L.A. is the land of the boutique not only in clothes, but in brokerage firms and investment houses.
Whether it’s the weather or the entrepreneurial climate, Los Angeles has proven to be fertile ground for small firms that specialize in specific sectors, often catering to Southern California businesses.
“L.A. attracts entrepreneurial people, given the business climate, the weather and the universities,” explained D. Michael Van Konynenburg, president of Secured Capital Corp., a West L.A. real estate investment boutique. “Quality of life is a big factor, especially given how many boutique founders came from major Wall Street firms.”
Once a few respected people make the quality-of-life move to Southern California, others follow, he adds. “People like that,” he says, “like being around other smart, entrepreneurial people.”
And they bring with them the expertise gained at the bigger investment houses, adds Stephen A. Koffler, president of Koffler & Co., a boutique brokerage firm in West L.A.
“It’s one thing to come up the ladder as a single guy knocking out deals,” says the former Merrill Lynch broker, “and another to get the experience in capital markets and mergers and acquisitions that you get at the larger firms. They provide a great deal of experience that you probably can’t get on your own.”
Once that national-firm training has been gained, Wall Street veterans often migrate to Southern California because there’s less prejudice against newer firms here than on the East Coast, said Russell Belinski, managing director at Chanin & Co., a West L.A.-based boutique.
“There’s less of a focus on history here,” he explains. “There are more people who will accept a younger firm, one that doesn’t have a nameplate saying it’s been around for 150 years.”
In general, boutique investment banks are regional in nature, dealing with local companies with whom contacts have been established. Usually, boutiques have fewer than 20 bankers, and often five or less. Many are one-person shops.
Boutiques usually handle smaller deals than national or big regional firms.
Whereas a Donaldson, Lufkin & Jenrette Securities Corp. might shun any deal under $200 million, boutiques, generally speaking, don’t handle deals of more than $100 million, and often stick to deals of less than $50 million.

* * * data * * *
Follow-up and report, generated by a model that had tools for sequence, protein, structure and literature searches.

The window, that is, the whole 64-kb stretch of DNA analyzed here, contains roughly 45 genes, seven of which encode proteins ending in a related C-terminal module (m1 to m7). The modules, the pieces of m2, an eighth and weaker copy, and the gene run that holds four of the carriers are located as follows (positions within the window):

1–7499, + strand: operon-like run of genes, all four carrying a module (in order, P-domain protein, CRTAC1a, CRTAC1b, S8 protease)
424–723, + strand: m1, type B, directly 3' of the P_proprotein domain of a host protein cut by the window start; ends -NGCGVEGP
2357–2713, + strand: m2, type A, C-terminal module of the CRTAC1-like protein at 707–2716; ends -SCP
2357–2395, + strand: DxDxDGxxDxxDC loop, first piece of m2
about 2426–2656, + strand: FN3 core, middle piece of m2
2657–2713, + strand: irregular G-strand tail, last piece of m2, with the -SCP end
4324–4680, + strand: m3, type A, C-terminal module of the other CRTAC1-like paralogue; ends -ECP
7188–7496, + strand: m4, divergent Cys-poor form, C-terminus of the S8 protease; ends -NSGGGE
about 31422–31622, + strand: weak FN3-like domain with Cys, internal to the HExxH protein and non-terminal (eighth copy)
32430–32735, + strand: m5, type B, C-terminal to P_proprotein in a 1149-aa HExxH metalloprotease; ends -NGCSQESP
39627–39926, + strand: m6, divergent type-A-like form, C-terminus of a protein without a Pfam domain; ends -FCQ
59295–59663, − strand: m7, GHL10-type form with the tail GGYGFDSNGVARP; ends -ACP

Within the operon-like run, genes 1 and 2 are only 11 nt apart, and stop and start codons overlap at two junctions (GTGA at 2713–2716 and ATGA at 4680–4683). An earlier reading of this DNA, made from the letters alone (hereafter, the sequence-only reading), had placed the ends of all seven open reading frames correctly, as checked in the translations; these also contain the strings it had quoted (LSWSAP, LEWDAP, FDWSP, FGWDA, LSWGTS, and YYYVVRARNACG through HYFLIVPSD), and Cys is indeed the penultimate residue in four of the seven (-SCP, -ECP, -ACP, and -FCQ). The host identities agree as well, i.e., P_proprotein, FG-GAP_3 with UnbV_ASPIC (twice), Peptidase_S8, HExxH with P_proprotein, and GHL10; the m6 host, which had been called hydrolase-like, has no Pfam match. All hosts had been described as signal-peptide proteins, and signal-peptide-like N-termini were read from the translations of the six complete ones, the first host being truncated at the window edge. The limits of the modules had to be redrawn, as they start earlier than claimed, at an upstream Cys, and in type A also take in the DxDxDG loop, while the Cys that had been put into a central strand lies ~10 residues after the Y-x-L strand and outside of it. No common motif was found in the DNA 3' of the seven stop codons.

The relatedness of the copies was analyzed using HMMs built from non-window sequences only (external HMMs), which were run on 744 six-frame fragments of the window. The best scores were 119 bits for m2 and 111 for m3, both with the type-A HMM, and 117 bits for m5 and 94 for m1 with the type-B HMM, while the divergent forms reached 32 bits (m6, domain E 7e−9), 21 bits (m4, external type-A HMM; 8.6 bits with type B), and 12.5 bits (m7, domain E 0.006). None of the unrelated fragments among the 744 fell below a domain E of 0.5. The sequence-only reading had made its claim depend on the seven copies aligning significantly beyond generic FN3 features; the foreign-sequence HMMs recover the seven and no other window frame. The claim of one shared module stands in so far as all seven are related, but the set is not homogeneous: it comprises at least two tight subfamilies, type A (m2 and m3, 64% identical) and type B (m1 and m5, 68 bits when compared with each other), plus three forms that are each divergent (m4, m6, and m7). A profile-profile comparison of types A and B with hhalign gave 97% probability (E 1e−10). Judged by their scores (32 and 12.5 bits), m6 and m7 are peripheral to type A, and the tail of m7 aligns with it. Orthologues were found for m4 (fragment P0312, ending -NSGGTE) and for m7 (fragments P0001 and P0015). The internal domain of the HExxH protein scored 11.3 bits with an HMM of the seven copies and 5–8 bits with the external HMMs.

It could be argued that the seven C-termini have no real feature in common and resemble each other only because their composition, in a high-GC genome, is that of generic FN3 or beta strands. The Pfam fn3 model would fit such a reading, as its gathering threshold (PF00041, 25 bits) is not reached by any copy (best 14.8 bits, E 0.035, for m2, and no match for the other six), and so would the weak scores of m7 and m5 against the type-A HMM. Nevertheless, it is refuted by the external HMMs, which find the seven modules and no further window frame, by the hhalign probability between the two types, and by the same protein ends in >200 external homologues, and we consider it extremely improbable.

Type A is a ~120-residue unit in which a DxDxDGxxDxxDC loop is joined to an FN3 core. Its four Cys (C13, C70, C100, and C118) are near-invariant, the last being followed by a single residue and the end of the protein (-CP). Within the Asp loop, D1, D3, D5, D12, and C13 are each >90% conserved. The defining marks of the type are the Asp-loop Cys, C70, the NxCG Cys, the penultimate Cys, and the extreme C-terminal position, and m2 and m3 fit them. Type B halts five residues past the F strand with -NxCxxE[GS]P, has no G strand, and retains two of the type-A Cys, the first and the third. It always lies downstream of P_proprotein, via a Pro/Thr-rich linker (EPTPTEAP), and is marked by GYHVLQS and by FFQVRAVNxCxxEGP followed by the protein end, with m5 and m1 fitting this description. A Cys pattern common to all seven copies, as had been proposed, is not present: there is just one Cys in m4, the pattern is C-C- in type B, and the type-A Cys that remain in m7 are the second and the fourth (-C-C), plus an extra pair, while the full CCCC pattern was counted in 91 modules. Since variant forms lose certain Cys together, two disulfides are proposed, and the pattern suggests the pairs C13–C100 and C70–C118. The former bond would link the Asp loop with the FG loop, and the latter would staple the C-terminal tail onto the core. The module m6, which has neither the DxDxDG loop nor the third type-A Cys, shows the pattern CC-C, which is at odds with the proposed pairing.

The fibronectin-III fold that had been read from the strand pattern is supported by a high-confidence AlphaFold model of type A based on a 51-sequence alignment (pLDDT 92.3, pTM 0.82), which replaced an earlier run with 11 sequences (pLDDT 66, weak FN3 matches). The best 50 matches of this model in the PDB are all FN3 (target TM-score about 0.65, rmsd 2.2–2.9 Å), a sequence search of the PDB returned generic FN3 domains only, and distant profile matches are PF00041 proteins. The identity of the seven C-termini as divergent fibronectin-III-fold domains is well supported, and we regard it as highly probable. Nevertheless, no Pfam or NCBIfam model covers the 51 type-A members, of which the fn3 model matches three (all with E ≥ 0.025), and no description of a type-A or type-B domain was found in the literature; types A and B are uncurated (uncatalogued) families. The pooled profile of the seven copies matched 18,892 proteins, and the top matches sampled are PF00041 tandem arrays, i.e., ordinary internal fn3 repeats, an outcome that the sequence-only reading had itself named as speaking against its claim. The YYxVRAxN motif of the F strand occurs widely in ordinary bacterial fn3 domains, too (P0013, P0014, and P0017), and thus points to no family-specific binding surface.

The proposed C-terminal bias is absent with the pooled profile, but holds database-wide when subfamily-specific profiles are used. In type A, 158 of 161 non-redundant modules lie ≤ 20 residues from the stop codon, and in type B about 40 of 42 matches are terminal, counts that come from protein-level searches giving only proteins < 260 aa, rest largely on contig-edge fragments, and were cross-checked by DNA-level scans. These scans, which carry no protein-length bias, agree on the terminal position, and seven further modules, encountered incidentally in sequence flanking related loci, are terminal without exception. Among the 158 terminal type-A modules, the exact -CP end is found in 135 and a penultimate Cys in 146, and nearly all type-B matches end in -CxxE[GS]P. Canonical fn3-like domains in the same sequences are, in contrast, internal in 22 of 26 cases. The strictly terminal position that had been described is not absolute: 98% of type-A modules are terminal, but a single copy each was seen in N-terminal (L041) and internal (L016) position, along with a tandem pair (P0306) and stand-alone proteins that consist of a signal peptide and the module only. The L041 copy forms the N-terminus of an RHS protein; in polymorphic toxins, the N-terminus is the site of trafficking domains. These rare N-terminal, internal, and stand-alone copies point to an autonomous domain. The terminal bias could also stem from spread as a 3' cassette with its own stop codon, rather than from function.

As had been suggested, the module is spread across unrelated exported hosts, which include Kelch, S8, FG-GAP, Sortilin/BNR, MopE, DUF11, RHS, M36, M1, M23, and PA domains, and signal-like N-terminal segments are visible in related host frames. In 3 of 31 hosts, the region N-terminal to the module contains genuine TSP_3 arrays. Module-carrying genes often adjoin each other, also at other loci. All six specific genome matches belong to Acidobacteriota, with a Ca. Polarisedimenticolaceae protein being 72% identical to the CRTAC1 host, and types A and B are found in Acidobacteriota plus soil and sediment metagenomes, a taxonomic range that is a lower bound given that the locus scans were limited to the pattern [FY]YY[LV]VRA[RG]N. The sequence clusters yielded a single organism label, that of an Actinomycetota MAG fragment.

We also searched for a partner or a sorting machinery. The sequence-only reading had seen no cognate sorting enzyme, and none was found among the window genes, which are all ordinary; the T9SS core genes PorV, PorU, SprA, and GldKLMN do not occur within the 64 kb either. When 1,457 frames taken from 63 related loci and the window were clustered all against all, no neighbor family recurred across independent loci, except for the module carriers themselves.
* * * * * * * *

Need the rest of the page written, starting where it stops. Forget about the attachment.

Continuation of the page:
There are as many different sizes and types of boutique investment firm as there are executives starting them up. But many, according to Van Konynenburg, are headed by veteran pros who have left large national firms.
The boutiques tend to concentrate on offering a higher level of personal service. Clients typically find themselves being serviced more directly by fewer, more-senior brokers who manage all aspects of the client’s business. Large national firms often assign more, but lower-level, staffers to a client.
Belinski of Chanin & Co. agrees that personalized service is most boutiques’ stock in trade.
“You hire Merrill Lynch and they’ll do a fine job,” he says. “But if you’re a mid-market company, one with annual sales of $500 million or less, you’ll get a first-year associate doing your case. You’d be unlikely to see a managing director.”
Hiring a boutique firm gives mid-market companies access to “senior-level people committed to the transaction,” Belinski says. “Everyone here is a former senior-level executive at one of the major firms. By hiring a boutique, you get the same talent you would at the larger firms, but you’re the focal point.”
Bankers at the major firms take issue with that view.
“The full-service firm is made up of individuals, and (a client company chief executive) can develop a one-on-one relationship with them,” said Ken Moelis, executive vice president and head of corporate finance nationwide at Donaldson Lufkin & Jenrette. “Plus, we have the muscle, we can distribute (sell debt or equity) in a deal.”
At DLJ, every professional is “first-rate,” according to Moelis, and senior proessionals pay close attention to every deal. “This is a client-driven business,” he said.
In general, major investment banks charge fees that are a certain percent of the deal’s value, such as 2 or 3 percent of a high-yield bond offering. Boutique firms, by contrast, often work on deals which are too small for that form of compensation to be economically feasible. Often, a boutique firm will take equity in a company, sometimes in the form of warrants or options, in addition to percentage fees.
While boutiques indeed sometimes manage enormous transactions, they’re not all aspiring to become the Smith Barneys of tomorrow. “Boutiques stay boutiques because that’s how they like to do business,” says Van Konynenburg. “They feel they have a competitive edge, and the people who work there appreciate the autonomy and the entrepreneurial spirit.”